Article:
Friday, November 18, 2011

Literary Fiction v Mainstream Fiction

I just finished reading "The Heretic's Daughter: A Novel" by Kathleen Kent. What a great read! It's historical fiction surrounding an actual family persecuted during the Salem Witch Trails. While I was, indeed, hoping someone would actually turn out to be a witch, I suffered no disappointment that no one did because the story was so rich with period detail, the characters were so finely developed and the prose quite engaging. This, in my opinion, is definitely literary fiction.
Ah, there's the rub!
I used to read books like that and feel a little, well, less then. I'd lament over how many rejection slips I'd received, how many times Stanford was sorry to inform me I would not be the recipient of a writing fellowship and question whether these were indications that I should just give up. My writing was not "literary" enough, I concluded.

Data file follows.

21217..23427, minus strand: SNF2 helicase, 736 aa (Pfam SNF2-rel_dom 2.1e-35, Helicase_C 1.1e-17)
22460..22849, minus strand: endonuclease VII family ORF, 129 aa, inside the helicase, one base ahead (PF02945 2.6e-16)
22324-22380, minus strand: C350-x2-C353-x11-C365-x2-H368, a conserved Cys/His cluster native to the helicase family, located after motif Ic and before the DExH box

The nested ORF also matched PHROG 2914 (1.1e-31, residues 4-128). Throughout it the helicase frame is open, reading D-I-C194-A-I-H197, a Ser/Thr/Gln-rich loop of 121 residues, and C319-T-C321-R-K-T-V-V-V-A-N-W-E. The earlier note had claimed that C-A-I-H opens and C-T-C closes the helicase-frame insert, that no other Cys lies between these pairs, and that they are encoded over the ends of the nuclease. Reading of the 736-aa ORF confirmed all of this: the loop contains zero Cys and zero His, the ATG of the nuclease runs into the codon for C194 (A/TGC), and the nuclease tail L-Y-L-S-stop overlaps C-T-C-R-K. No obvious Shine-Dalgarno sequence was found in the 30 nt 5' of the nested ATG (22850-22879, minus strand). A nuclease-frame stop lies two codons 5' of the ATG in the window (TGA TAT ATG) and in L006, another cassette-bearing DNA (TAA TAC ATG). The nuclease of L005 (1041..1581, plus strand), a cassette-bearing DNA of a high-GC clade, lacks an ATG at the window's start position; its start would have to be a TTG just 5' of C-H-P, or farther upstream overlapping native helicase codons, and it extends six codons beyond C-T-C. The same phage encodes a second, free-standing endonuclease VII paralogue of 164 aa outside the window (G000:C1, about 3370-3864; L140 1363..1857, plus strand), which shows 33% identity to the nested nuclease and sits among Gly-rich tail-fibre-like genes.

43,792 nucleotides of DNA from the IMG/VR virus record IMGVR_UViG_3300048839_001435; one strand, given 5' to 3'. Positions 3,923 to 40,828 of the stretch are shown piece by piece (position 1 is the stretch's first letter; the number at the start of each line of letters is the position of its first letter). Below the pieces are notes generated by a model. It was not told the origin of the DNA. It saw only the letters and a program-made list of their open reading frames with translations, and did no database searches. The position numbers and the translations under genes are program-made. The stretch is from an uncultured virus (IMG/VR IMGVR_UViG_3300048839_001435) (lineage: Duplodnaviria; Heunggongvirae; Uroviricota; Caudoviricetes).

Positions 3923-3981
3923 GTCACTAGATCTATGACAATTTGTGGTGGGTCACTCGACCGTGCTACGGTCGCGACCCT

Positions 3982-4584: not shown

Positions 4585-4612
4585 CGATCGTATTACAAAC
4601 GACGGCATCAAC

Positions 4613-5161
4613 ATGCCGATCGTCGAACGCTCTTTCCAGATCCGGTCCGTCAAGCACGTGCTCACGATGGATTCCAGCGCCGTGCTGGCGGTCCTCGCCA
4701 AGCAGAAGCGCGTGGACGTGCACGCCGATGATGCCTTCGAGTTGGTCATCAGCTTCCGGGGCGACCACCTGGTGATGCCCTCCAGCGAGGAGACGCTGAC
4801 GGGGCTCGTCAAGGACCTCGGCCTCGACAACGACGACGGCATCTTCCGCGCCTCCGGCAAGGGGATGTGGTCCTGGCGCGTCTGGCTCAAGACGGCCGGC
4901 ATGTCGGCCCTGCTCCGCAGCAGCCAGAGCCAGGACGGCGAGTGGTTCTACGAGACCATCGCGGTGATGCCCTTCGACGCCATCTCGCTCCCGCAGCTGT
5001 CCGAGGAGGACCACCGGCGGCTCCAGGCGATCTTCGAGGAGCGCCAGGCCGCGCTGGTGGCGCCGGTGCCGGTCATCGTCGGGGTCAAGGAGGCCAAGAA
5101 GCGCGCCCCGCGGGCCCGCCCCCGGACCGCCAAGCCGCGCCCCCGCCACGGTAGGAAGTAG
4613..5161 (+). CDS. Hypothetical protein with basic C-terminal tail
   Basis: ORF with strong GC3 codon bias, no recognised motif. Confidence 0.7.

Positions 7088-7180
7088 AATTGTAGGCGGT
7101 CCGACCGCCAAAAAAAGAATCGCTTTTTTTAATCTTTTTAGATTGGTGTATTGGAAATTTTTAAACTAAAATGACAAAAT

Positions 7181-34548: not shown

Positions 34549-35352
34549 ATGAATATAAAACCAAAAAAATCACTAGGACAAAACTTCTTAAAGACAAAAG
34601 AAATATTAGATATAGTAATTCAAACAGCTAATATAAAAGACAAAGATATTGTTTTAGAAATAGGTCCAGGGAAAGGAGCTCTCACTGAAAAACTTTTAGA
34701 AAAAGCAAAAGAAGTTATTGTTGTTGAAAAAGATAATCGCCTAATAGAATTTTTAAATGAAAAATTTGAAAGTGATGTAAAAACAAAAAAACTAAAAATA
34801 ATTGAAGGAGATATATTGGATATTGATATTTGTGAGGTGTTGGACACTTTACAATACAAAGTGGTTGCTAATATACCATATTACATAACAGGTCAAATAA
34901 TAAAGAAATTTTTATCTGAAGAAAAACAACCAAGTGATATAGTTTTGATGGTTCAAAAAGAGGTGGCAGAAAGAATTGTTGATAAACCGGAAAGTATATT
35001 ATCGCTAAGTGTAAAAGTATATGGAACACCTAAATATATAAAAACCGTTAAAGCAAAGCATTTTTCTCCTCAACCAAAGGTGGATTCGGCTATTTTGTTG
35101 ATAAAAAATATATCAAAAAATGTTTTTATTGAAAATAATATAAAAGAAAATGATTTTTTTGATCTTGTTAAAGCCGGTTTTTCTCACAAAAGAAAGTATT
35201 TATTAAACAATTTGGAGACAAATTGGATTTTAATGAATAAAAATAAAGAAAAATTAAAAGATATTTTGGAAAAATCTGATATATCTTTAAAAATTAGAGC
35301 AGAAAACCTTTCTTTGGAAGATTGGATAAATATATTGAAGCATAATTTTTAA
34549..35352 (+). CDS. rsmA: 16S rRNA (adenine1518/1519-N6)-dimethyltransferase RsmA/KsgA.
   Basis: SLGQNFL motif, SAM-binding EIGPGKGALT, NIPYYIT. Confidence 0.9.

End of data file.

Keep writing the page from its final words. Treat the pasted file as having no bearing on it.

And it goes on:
But neither is a lot of other writing that's published. A good story, however, is a good story--literary or not. And a good storyteller shines through whether they write stories acclaimed by "The New Yorker" or not.
I'm a good storyteller, a creative thinker, and (I can finally say it) a good writer of what will be considered mainstream or genre fiction. The difference between the two is that literary fiction is considered to have greater character development and psychological depth, while mainstream fiction is more concerned with narrative and plot.
That is not a hard and fast rule. The characters in my upcoming Whirlwomen Trilogy will be memorable and psychologically dimensional. There will be passages of fine prose. The reader will be satisfied when they read that final sentence. And that right there is literary enough for me.
Oh and one more thing! I DID get accepted by to submit my request for publication, marketing and distribution funding for "Flung" the first Whirlwomen novel. More on that later.

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